11.6 km2 Assumption Island lies about 1100 km south-west of Mahe, Seychelles’ largest and most populous island, and is close to Aldabra atoll, famed for its relatively undisturbed ecosystem that qualified it for World Heritage Site status.
Assumption is a raised coral island and was formerly home to a vast number of seabirds, especially boobies, who left their mark in the form of an accumulation of guano from millennia of years of occupation by the birds. When guano became a valuable resource for expanding global agricultural production at the end of the 19th century, mining of Assumption’s reserves began in the early 20th century and continued until the 1970s. This involved destruction of most of the island’s woodland and removal of its soils for export, resulting in a biodiversity catastrophe. Virtually all of its birds, some of them endemic forms, all of its Giant Tortoises and most of its vegetation were lost. Cats, Black Rats and invasive plants were introduced and in the 1970s four species of land bird were released. Of these, Red-whiskered Bulbuls and Madagascar Fodies posed a direct threat to the integrity of Aldabra’s endemic avifauna, necessitating an expensive eradication programme co-ordinated by Seychelles Islands Foundation (SIF), custodians of Aldabra, and funded by the European Union.
After the exhaustion of the island’s guano reserves the island’s human population fell and fishing, especially for sea cucumbers, became a principal occupation. In 1990 a 1200 m concrete airstrip was built, involving destruction of part of the largest sand dune system in Seychelles to provide sand for the construction. Subsequently, further sand was extracted to build improved accommodation for island staff, whose main task became servicing of the airstrip and associated facilities. The airstrip became and remains an important gateway for visitors to Aldabra.
An aftermath of these activities has been the accumulation of large quantities of waste materials, including corroding oil drums and lead-acid batteries, and rusting machinery from the guano era and subsequent construction activities, along with plastic, metal and glass waste associated with human occupation. Much of this has been deposited in solution holes in the limestone, where they can contaminate the underlying sea water, and deprive the affected solution holes of their current roles as refuges for some of the island’s plants and safe havens for nesting Souimanga Sunbirds, the only surviving indigenous land bird.
The major trauma now facing the island stems from India’s desire to establish a naval base there. This is leading to much controversy and the emergence of apparently conflicting accounts of the relative roles of Seychelles and India in the base’s construction and operation.
In press coverage I have seen, there is no mention of environmental concerns. Assumption is one of only two significant raised reef islands in Seychelles; the other, St Pierre, was similarly wrecked by guano mining. Assumption’s 5 ½ km western sandy beach is one of the finest in Seychelles and supports a large population of nesting Green Turtles. During the SIF Red-whiskered Bulbul and Madagascar Fody eradications, monitoring of vegetation cover indicated that, despite the loss of soils, some indigenous vegetation was recovering at the expense of introduced plant species. With help, therefore, it seems that Assumption could achieve some level of recovery.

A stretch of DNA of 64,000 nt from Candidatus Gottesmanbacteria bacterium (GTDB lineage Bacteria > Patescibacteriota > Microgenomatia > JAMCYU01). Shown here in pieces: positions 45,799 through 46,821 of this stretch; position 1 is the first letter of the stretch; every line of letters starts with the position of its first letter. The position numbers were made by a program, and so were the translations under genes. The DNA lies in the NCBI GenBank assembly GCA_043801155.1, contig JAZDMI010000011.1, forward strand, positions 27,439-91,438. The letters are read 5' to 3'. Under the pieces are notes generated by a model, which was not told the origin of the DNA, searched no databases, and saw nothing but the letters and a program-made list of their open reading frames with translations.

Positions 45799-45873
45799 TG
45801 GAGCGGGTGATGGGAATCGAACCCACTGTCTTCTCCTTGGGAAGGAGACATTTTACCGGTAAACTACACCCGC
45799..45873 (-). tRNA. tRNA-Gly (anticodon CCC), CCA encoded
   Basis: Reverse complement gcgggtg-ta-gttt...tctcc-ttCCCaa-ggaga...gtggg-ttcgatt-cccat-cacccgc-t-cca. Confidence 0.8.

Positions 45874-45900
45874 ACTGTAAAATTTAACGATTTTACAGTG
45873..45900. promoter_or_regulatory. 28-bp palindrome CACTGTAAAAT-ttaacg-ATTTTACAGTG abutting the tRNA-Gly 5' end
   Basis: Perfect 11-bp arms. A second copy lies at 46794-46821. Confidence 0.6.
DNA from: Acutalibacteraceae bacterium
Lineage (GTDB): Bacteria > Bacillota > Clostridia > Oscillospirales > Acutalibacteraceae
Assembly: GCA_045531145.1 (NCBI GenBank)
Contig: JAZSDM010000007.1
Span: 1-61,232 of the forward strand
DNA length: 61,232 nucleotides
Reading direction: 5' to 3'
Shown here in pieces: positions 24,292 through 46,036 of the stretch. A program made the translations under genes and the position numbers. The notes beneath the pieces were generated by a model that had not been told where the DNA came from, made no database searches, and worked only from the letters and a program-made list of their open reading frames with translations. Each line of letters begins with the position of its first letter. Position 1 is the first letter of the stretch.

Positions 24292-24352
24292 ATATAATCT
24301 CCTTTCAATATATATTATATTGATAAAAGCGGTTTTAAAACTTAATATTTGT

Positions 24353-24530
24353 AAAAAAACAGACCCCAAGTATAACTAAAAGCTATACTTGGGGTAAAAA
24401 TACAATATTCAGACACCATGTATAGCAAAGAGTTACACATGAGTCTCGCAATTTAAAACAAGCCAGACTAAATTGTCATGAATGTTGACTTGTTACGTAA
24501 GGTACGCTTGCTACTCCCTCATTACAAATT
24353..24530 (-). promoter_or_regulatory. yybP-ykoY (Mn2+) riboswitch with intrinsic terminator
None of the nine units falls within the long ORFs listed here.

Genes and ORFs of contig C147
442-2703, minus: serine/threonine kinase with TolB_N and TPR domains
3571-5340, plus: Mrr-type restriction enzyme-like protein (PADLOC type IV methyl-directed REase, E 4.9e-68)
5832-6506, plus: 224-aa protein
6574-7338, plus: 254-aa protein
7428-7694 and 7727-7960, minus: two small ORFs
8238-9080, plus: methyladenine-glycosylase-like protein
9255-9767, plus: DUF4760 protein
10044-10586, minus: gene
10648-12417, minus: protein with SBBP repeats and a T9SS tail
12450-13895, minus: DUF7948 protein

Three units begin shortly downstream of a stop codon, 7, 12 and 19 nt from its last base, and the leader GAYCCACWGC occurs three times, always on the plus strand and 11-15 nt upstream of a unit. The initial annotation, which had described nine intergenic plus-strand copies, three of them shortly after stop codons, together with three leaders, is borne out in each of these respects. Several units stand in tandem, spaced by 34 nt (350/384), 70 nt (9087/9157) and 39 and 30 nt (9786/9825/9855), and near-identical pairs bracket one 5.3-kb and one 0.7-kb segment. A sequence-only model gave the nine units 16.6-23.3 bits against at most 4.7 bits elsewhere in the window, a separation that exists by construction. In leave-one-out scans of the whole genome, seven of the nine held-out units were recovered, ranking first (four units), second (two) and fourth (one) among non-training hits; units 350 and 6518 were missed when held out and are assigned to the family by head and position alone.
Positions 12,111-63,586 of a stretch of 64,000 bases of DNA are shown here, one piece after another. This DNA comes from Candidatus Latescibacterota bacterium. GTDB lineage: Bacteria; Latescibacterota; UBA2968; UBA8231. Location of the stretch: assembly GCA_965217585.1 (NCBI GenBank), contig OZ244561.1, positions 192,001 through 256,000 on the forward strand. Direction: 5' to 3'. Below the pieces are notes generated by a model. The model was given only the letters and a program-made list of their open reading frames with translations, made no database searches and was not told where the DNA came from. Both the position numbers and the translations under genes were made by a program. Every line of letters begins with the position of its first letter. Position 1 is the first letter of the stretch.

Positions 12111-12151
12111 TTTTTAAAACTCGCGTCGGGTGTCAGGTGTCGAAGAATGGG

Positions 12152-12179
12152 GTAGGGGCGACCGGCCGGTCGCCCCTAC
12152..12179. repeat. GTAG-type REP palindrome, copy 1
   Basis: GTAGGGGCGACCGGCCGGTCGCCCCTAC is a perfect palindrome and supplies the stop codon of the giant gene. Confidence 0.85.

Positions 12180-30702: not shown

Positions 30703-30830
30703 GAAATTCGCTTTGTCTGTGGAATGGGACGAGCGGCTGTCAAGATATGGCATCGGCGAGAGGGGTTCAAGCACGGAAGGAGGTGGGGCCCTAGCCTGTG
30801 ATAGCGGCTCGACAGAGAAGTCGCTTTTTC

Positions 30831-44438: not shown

The construction and subsequent use as a military base comes with some environmental certainties and some unknowns. The presence of a large workforce will necessitate the sustained import of food and generate large quantities of waste packaging and sewage. Inevitable health problems will lead to contamination of sewage with pharmaceuticals. Construction of a deep water berth will create turbulence and opacity in the water, risking coral survival and possibly changing water flow along the western sand beach, with consequences for sedimentation and erosion. This could impact the nesting Green Turtle population, which could be further threatened by illegal capture of adults and eggs for food by the workforce of the base.
Among other things, a naval base will require the offloading and storage of large amounts of fuel, risking spillages at sea and on land, and the use of increased amounts of fuel on the island will create atmospheric pollution. South-east winds prevail for most of the year, as do westerly-flowing currents. These risk spillages at sea reaching Aldabra, only 27 km away and visible from the top of the sand dune. Furthermore, such spillages could impact Aldabra’s large seabird populations while feeding over a much wider area of ocean. Similarly, any contaminants on land that percolate into the sea, such as fuel leaks or sewage, could threaten Aldabra’s marine environment.
Use of Assumption as a military base will certainly be a setback for any meaningful recovery or rehabilitation of the island’s habitats. It further risks the introduction of invasive species if rigid biosecurity measures are not practiced and policed, both at the island and at the sources of the incoming goods. In my opinion, Seychelles should further protect its island by insisting that all waste is removed at regular defined intervals and is safely processed elsewhere where suitable facilities exist.
While accepting that Seychelles needs help in policing and protecting its vast oceanic realm, the country should not lose sight of the fact that its very limited land area is unique and warrants all steps possible to ensure that uses are sustainable and not environmentally damaging. Seychelles’ own record in managing Assumption’s environment leaves much to be desired. The clock cannot be turned back to pre-guano mining days but it should ensure much improved care in future for the sake of this island and that of its showpiece atoll of Aldabra.